From a sitting position, how far can you reach past your toes? The answer could indicate not only how flexible you are — but how flexible your arteries are.
New research suggests that stretching exercises increase flexibility and could also prevent or reverse stiffening of arteries.
In this study, published in the American Journal of Physiology, researchers found how well people aged 40 and older performed on a sit and reach test past their toes and that the test was an accurate way to assess the flexibility of their arteries.
So, because arterial stiffness often precedes cardiovascular disease, this simple test could become a quick measure of a person’s risk for early death from heart attack or stroke.
Healthy blood vessels are elastic and that flexibility helps to moderate blood pressure. However, as we age arterial stiffness often increases, upping the risk factor for cardiovascular disease. Those who are fit are usually more flexible than those who are out of shape and so the researchers hypothesised that a flexible body could be a quick way to check for arterial flexibility.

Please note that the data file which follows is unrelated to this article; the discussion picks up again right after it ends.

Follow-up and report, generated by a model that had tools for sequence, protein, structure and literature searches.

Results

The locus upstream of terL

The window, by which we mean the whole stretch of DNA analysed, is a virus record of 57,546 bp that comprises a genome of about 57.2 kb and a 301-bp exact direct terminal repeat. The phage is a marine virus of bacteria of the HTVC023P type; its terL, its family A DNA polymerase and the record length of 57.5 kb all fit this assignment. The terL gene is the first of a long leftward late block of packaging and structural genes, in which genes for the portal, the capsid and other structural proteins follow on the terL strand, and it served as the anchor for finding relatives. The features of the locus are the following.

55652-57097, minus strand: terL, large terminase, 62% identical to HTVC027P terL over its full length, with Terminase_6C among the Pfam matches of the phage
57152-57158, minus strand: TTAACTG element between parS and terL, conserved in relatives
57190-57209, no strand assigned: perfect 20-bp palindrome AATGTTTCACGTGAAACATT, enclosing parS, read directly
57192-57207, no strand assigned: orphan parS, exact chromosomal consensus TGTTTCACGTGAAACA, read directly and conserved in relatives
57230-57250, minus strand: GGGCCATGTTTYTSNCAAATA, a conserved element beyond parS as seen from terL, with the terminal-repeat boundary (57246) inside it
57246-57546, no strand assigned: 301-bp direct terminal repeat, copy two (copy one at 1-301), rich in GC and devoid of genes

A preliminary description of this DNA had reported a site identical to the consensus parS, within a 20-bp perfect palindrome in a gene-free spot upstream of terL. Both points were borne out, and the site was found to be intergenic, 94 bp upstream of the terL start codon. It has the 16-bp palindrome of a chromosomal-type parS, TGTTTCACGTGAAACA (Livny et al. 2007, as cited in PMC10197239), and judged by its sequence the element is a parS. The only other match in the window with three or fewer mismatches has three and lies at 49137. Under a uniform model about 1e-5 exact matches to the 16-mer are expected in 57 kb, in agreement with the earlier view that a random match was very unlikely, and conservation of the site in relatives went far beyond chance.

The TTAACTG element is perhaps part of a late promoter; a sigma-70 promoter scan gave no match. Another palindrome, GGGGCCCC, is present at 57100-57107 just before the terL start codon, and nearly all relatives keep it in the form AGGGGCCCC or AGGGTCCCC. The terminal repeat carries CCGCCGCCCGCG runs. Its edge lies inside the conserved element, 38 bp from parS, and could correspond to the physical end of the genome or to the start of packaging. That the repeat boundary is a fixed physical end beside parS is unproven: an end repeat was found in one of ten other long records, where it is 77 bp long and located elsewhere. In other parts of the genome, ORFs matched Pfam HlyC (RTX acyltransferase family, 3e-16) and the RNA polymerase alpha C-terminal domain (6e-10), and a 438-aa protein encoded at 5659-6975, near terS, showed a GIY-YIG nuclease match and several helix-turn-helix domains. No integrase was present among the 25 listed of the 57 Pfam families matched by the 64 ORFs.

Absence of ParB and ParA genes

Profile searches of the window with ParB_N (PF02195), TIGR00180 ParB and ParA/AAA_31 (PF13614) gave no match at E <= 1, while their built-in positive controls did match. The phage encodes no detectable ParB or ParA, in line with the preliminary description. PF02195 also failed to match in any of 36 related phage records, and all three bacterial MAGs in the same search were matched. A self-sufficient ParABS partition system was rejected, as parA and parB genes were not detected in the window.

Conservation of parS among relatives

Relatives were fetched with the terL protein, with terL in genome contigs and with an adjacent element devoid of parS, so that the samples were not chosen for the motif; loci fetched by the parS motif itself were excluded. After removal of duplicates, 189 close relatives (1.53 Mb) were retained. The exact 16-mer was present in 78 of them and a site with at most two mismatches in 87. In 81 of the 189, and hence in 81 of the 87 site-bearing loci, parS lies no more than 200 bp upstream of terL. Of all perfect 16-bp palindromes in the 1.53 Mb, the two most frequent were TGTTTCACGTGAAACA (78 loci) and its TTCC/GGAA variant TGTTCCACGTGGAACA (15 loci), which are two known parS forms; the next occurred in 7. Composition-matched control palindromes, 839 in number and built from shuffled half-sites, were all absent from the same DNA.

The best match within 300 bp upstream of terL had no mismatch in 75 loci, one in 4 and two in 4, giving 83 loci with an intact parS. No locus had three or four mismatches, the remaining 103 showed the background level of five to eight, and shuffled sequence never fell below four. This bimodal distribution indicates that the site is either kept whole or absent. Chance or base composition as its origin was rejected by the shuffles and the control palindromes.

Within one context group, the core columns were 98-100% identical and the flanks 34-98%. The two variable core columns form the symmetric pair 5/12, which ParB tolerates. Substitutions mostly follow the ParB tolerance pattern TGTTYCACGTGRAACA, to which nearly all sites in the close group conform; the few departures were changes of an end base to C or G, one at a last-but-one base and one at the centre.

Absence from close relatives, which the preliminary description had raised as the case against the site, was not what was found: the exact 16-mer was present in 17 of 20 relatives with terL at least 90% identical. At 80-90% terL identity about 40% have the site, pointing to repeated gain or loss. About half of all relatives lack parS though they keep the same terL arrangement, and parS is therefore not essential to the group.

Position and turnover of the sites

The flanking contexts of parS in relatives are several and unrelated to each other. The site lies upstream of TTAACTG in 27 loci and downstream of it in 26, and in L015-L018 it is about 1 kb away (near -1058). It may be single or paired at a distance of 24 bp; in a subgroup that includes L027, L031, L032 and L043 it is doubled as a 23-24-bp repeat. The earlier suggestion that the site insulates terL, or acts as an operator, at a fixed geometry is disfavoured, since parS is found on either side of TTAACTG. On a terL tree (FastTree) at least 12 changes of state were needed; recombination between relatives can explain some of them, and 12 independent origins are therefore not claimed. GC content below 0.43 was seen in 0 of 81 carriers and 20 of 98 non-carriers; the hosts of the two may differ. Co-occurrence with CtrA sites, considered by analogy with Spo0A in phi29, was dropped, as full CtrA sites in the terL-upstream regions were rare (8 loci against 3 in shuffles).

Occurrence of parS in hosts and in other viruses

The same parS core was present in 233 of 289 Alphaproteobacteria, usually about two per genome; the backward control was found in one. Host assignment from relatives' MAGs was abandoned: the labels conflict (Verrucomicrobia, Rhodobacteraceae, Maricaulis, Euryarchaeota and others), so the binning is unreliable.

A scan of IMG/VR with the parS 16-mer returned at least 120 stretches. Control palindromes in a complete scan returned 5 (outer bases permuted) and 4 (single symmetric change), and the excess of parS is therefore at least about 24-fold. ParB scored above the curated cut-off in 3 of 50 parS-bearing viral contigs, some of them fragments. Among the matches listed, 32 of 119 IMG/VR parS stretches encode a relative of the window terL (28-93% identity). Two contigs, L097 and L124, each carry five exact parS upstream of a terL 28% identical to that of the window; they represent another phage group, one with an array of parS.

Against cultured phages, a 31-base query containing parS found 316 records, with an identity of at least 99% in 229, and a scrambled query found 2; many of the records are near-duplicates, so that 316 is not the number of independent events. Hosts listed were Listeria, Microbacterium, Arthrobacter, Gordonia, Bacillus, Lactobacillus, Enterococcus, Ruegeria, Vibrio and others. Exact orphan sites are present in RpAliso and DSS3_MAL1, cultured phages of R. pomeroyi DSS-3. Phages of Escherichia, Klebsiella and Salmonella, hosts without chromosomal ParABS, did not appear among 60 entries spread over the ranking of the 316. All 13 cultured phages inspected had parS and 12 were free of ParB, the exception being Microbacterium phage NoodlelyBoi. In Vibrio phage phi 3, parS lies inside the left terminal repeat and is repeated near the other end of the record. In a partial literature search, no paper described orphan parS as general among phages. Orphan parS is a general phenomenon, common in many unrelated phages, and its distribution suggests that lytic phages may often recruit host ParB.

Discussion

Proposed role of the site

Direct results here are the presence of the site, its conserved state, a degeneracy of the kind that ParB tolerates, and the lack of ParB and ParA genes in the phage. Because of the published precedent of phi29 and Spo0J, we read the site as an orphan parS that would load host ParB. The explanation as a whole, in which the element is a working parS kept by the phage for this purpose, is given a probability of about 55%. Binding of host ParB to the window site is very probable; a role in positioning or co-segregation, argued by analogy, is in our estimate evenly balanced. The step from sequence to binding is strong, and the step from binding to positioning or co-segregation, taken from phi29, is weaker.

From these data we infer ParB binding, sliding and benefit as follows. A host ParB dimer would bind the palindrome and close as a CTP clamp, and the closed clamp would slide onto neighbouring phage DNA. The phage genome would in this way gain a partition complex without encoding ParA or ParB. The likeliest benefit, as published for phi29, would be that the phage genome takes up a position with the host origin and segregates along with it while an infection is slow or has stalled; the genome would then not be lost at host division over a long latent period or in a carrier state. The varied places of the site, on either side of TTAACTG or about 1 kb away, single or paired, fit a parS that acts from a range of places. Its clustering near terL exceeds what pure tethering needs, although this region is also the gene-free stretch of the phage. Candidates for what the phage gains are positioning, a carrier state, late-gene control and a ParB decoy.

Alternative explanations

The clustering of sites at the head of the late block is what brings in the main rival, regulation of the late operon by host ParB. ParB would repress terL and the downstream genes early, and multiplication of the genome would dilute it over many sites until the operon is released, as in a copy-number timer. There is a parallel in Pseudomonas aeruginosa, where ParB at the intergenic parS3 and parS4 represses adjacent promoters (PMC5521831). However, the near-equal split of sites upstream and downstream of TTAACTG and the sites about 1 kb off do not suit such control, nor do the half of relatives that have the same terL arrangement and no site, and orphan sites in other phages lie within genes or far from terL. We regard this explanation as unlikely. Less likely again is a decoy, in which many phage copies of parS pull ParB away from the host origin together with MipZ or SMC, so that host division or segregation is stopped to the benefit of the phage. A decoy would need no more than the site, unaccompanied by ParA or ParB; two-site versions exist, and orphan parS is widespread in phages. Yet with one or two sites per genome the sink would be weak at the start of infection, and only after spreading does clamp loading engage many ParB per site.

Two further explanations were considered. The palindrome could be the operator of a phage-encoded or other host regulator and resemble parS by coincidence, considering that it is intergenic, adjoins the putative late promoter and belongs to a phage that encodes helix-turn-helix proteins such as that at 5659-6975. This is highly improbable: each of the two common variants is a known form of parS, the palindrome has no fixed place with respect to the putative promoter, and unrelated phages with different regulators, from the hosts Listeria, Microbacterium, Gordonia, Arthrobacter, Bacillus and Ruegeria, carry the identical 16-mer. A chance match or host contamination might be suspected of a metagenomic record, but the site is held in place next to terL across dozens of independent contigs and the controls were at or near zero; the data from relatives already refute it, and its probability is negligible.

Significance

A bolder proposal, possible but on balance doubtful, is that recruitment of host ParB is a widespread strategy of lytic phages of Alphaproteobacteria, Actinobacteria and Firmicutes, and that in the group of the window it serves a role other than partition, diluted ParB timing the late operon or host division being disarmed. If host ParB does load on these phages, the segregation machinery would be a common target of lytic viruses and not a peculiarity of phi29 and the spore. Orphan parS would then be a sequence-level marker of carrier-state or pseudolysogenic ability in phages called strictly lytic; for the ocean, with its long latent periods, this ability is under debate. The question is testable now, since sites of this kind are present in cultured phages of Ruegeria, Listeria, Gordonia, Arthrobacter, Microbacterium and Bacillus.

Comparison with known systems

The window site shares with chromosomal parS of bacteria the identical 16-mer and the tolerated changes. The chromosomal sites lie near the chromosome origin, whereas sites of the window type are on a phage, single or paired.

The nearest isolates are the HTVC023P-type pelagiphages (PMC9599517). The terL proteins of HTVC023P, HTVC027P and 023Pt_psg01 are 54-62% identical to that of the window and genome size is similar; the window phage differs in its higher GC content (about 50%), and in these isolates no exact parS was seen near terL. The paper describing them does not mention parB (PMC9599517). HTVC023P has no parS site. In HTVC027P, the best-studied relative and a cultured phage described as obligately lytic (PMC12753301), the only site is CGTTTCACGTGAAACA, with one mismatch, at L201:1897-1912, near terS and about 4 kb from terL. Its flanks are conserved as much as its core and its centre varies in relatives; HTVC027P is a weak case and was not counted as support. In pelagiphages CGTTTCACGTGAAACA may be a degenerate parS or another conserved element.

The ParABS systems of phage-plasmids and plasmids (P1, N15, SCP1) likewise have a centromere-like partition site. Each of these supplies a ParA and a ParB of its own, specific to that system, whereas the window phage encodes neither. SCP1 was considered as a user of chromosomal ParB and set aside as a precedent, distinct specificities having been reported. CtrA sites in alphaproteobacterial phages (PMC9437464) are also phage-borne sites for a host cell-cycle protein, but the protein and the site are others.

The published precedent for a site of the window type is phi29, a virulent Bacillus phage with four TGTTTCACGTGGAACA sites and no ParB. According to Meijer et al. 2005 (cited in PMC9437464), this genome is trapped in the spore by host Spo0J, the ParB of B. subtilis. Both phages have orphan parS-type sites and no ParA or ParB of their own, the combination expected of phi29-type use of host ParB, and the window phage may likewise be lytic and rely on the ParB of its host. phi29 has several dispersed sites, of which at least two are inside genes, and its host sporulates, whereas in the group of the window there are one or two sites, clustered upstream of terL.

They tested this hypothesis with 526 healthy, non-smoking adults between the ages of 20 and 83 and divided them into 3 age groups. They all performed a sit-and-reach test by sitting on the floor with backs against the wall. The volunteers then bent at the waist and slowly stretched reaching their arms forward and their flexibility was then rated by the researchers.
They discovered that trunk flexibility was the best predictor of artery stiffness among those who were middle aged and older but not in the younger group.
So why is arterial flexibility related to flexibility of the body? The scientists say this remains unclear but one possibility is that stretching exercises like yoga and pilates may put into motion physiological reactions that slow down age-related stiffening of the arteries.
“Together with our results, these findings suggest a possibility that improving flexibility induced by the stretching exercise may be capable of modifying age-related arterial stiffening in middle-aged and older adults,” Dr. Yamamoto said in the press statement. “We believe that flexibility exercise, such as stretching, yoga and Pilates, should be integrated as a new recommendation into the known cardiovascular benefits of regular exercise.”